Faust and Mephistopheles. Painting by Anton Kaulbach, courtesy of Wikimedia Commons.
I first discovered opera in 1991, when my tenth-grade English teacher killed a couple of class periods by showing the movie Amadeus. The bits it contained of The Magic Flute and Don Giovanni were seductive enough to send me to the nearest outpost of the Wherehouse, a California record-store chain, where the classical and opera section was an afterthought. When I compare it to the contemporary infinity of Spotify, however, the limited selection now seems a kind of blessing: with so little to choose from, it was impossible to feel overwhelmed.
It was also an advantage not to have anyone telling me which operas were great and which were passé. Not until much later, for instance, would I learn that by the nineties, Gounod’s Faust was already a century past its prime. It debuted in Paris in 1859 and quickly became a worldwide hit, especially in the U.S., where it was chosen to inaugurate the newly founded Metropolitan Opera in 1883. But in time, Faust’s blockbuster status made it a byword for middlebrow entertainment, a bit like The Phantom of the Opera today. When Edith Wharton set the first chapter of The Age of Innocence at a performance of Faust, it was a way of critiquing the provincialism of 1870s New York from the vantage point of 1920. For instance, Wharton pokes fun at the fact that the opera, originally written in French, is sung in Italian, the language Americans were used to hearing in the opera house at the time.
The novel opens with the main characters watching the passionate love duet at the end of act 3, in which Marguerite, a virtuous young woman, is seduced by Faust, a middle-aged scholar who has sold his soul to the devil. As he begs to “caress your beauty,” she plays a game of “he loves me, he loves me not,” picking petals off a flower. It is a sign of Marguerite’s childlike innocence but also of her ambivalence: she has already fallen in love with Faust, but can’t be certain whether he really loves her or is only trying to get her into bed. She uses the game to convince herself that Faust’s love is genuine, and when she plucks the last petal with a triumphant “He loves me!” Faust immediately confirms it: “Yes, believe this flower … He loves you! Do you understand that sublime, sweet word?”
Wharton’s opera scene is the perfect opening to a novel about how old-fashioned people lived lives as passionate as our own, despite or even because of their Victorian constraints. Watching Faust, Newland Archer takes a complacent satisfaction in the idea that the young woman he’s engaged to marry, May Welland, is too innocent to understand the erotic rapture of Gounod’s music. “She doesn’t even guess what it’s all about,” Wharton writes. “And he contemplated her absorbed young face with a thrill of possessorship in which pride in his own masculine initiation was mingled with a tender reverence for her abysmal purity.” But it is this very purity that will lead him to lose interest in May and fall in love with her cousin, the Countess Olenska, whose scandalous past has taught her the meaning of “that sublime, sweet word.”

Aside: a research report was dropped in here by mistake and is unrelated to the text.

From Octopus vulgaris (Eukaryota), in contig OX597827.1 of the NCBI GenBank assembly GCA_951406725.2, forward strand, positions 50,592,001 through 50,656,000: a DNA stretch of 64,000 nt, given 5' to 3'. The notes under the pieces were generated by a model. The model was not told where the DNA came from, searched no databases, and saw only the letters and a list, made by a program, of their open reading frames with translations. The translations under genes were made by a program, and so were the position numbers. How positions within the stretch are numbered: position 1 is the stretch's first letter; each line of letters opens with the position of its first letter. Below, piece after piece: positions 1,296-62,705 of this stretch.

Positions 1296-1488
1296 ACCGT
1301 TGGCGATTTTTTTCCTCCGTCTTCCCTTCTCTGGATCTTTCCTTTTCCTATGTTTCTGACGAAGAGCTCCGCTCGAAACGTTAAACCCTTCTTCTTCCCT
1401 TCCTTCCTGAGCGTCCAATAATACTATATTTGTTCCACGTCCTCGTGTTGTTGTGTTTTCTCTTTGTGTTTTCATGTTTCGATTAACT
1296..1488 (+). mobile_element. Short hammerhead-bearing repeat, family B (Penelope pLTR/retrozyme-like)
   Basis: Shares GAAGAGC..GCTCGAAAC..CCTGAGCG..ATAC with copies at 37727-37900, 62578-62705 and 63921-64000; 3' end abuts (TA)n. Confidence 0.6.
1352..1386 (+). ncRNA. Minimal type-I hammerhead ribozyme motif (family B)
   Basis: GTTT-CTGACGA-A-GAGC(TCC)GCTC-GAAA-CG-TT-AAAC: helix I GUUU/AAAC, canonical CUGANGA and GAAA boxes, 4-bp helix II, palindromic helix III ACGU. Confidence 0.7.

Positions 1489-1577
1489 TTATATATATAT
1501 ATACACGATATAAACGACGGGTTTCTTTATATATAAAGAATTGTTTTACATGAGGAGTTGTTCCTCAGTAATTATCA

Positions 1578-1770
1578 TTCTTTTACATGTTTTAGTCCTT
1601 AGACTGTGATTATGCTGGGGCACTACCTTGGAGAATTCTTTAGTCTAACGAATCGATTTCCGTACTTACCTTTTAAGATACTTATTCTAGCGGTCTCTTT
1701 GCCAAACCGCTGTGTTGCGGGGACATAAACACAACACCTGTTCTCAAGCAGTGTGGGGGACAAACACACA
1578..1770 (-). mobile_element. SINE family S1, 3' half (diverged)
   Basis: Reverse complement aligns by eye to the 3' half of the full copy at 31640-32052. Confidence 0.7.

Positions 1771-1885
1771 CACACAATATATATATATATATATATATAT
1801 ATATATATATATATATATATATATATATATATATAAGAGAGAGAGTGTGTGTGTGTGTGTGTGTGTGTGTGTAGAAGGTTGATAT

I didn’t know any of this when I bought a recording of Faust, on two CDs, with Nicolai Gedda as Faust, Joan Sutherland as Marguerite, and Nicolai Ghiaurov as Mephistopheles. When it came to love and seduction, at fifteen I was as inexperienced as May Welland. Still, as I listened and followed along in the libretto, I think I understood what was going on in Gounod’s music. In fact, adolescence may have been the right time to encounter it, since really Faust is about the power of adolescent emotion.
When the devil Mephistopheles appears to Faust in act 1 and says he will grant any wish in exchange for his soul, Faust turns down offers of money, glory, and power. What he wants, he says, is “a treasure that contains them all: I want youth.” Youth means sex, of course—“young mistresses … their caresses and desires”—but it is also a way of being alive, a more enthusiastic sort of participation in life. In the opera’s opening scene, Faust hears men and women on their way to work in the fields at the crack of dawn, content with their lot and praising God, and he despairs because he feels completely detached from them.